Various other features of the improved cover and assembly of the present invention are set forth in the following detailed description and accompanying drawings.
FIG. 1 is a schematic front perspective view of a preferred embodiment of the improved electrically insulative switch cover of the present invention;
FIG. 2 is a schematic enlarged cross-section of the switch cover of FIG. 1;
FIG. 3 is a schematic front elevation of the switch cover of FIG. 1;
FIG. 4 is a greatly enlarged schematic cross-section of the switch cover of FIG. 1 in combination with a flip-type switch forming a first preferred embodiment of the assembly of the present invention, showing the switch arm in the "off" position;
FIG. 5 is a greatly enlarged schematic cross-section of the assembly of FIG. 4, showing the switch arm in the flipped-over "on" position;
FIG. 6 is a greatly enlarged schematic cross-section of a second preferred embodiment of the assembly of the present invention, showing the arm of a push-pull switch in the pushed position;
FIG. 7 is a greatly enlarged schematic cross-section of the assembly of FIG. 6, showing the nipple of the assembly pinched around the switch arm preparatory to lifting the switch arm by the nipple; and,
FIG. 8 is a greatly enlarged schematic cross-section of a third preferred embodiment of the assembly of the present invention, showing a rocker-type switch arm urgeable into a desired position by pressing down on a selected portion of the rings of the cover.
Now referring more particularly to FIGS. 1-5 of the drawings, a preferred embodiment of the improved electrically insulative switch cover of the present invention is schematically depicted therein. In FIGS. 4 and 5, the cover is shown in combination with a flip-type or toggle switch to form a first preferred embodiment of the improved assembly of the present invention. Thus, improved switch cover 10 is shown which comprises a generally flat plate 12 of extended surface area. Plate 12 may be of any suitable size and shape, for example, generally rectangular as shown in FIGS. 1 and 3. Plate 12 is formed of an elastomeric material, such as elastomeric rubber or plastic or a combination thereof and may, if desired, be fabricated as a unitary body in a single molding operation. Plate 12 has memory and is flexible and resilient as well as electrically insulative. It contains no openings through which an electrical shock could be transmitted. It is compact, attractive and durable.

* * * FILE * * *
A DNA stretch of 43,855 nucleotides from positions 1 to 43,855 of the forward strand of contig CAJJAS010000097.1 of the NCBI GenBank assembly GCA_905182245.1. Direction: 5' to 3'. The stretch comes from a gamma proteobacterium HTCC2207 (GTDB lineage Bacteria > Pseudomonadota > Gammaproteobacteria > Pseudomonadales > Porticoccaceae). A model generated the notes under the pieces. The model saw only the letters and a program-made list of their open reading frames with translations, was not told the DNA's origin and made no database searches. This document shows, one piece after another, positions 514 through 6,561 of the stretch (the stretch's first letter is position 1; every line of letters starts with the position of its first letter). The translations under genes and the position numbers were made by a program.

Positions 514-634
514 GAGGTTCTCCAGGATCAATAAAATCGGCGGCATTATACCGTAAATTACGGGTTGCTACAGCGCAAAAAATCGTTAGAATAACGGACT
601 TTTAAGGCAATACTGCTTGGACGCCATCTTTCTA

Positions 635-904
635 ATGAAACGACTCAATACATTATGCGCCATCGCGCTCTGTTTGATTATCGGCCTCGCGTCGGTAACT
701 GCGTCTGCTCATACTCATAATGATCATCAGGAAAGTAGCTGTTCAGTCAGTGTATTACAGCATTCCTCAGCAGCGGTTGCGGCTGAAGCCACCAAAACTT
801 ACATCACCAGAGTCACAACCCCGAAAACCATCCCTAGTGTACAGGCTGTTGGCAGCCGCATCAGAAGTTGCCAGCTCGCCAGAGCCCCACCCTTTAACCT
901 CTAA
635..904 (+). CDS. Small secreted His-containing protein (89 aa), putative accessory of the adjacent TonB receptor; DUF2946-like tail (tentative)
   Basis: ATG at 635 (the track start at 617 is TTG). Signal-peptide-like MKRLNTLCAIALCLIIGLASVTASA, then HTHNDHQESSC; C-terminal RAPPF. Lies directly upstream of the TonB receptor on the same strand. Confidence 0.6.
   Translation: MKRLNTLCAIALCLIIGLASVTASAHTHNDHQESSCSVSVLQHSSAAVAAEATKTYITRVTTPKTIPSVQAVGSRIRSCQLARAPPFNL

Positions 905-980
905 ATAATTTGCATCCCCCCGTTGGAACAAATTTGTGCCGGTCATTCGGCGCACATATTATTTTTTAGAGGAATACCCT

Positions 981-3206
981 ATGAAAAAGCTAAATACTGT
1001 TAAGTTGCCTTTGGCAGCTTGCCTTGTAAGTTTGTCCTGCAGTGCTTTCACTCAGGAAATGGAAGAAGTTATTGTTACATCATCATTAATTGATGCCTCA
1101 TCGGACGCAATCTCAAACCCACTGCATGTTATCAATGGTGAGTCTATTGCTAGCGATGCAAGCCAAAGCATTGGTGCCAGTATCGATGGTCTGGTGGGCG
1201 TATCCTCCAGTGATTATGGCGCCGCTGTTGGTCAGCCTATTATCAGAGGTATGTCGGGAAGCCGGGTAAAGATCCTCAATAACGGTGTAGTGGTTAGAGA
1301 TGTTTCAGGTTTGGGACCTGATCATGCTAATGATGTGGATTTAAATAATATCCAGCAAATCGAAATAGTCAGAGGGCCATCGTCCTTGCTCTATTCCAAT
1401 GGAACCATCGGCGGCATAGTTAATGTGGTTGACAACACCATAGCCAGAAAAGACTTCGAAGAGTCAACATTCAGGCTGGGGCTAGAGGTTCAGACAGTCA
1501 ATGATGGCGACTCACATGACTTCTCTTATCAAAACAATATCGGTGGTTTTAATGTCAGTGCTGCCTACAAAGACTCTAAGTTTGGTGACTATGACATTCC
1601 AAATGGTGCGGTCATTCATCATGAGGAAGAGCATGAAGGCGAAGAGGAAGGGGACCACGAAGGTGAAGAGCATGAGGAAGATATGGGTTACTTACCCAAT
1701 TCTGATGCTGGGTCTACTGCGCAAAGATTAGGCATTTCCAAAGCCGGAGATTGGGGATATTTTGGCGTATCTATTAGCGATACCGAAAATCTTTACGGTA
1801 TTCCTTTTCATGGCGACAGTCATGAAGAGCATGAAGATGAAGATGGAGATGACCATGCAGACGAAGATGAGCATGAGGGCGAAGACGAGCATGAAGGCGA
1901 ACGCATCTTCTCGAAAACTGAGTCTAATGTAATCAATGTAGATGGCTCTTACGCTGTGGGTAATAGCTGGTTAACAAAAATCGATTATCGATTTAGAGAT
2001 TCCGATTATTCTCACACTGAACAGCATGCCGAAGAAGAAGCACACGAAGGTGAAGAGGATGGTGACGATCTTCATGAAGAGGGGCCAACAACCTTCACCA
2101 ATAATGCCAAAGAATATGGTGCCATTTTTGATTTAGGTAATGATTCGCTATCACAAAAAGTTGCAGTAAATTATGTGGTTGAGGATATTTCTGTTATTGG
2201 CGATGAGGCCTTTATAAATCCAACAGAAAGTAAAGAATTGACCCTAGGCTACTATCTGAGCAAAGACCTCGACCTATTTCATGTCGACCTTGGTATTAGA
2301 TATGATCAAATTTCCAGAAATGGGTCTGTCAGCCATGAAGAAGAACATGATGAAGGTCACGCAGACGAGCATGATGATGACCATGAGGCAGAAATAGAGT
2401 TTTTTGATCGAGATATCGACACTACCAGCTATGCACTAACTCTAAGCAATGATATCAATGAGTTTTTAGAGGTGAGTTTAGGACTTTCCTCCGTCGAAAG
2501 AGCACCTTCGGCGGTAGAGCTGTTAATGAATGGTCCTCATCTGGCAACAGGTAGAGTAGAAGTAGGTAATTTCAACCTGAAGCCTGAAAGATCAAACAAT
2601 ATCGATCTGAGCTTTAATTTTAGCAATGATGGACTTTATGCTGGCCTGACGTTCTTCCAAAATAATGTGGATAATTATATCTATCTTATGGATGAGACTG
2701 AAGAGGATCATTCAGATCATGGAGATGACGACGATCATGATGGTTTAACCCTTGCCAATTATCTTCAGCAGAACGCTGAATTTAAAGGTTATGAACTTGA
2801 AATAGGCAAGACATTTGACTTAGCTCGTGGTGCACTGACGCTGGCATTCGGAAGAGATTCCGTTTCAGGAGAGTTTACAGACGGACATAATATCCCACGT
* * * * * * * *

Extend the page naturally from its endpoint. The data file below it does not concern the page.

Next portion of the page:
Plate 12 defines a protruding generally central nipple 14 which has a central space 16 adapted to receive the protruding lever arm 18 of a flip-flop or toggle-type switch 20 (FIGS. 4 and 5). Nipple 14 is surrounded by a plurality of encircling spaced folds 22 which protrude from the main plane of plate 12 in the same direction as nipple 14. Preferably, folds 22 comprise spaced concentric raised rings 24. Rings 24 permit nipple 14 to be pulled up, pushed down and moved easily from side to side, as desired. The elastic memory of rings 24 causes nipple 14 to return, after flexing, to the original resting position shown in FIGS. 1-4.
Cover 10 can be made in suitable size and shape, for example, generally rectangular, with a plate 12 wall thickness of about 0.1 inch peripheral of rings 24 and nipple 14 and with nipple 14 and rings 24 having an average wall thickness of about 0.04 inch. Nipple 14 may be, for example, about 0.25 inch in diameter and about 0.5 inch in height and plate 12 may be, for example, about 1.5 inches by about 1 inch or any other suitable configuration and size.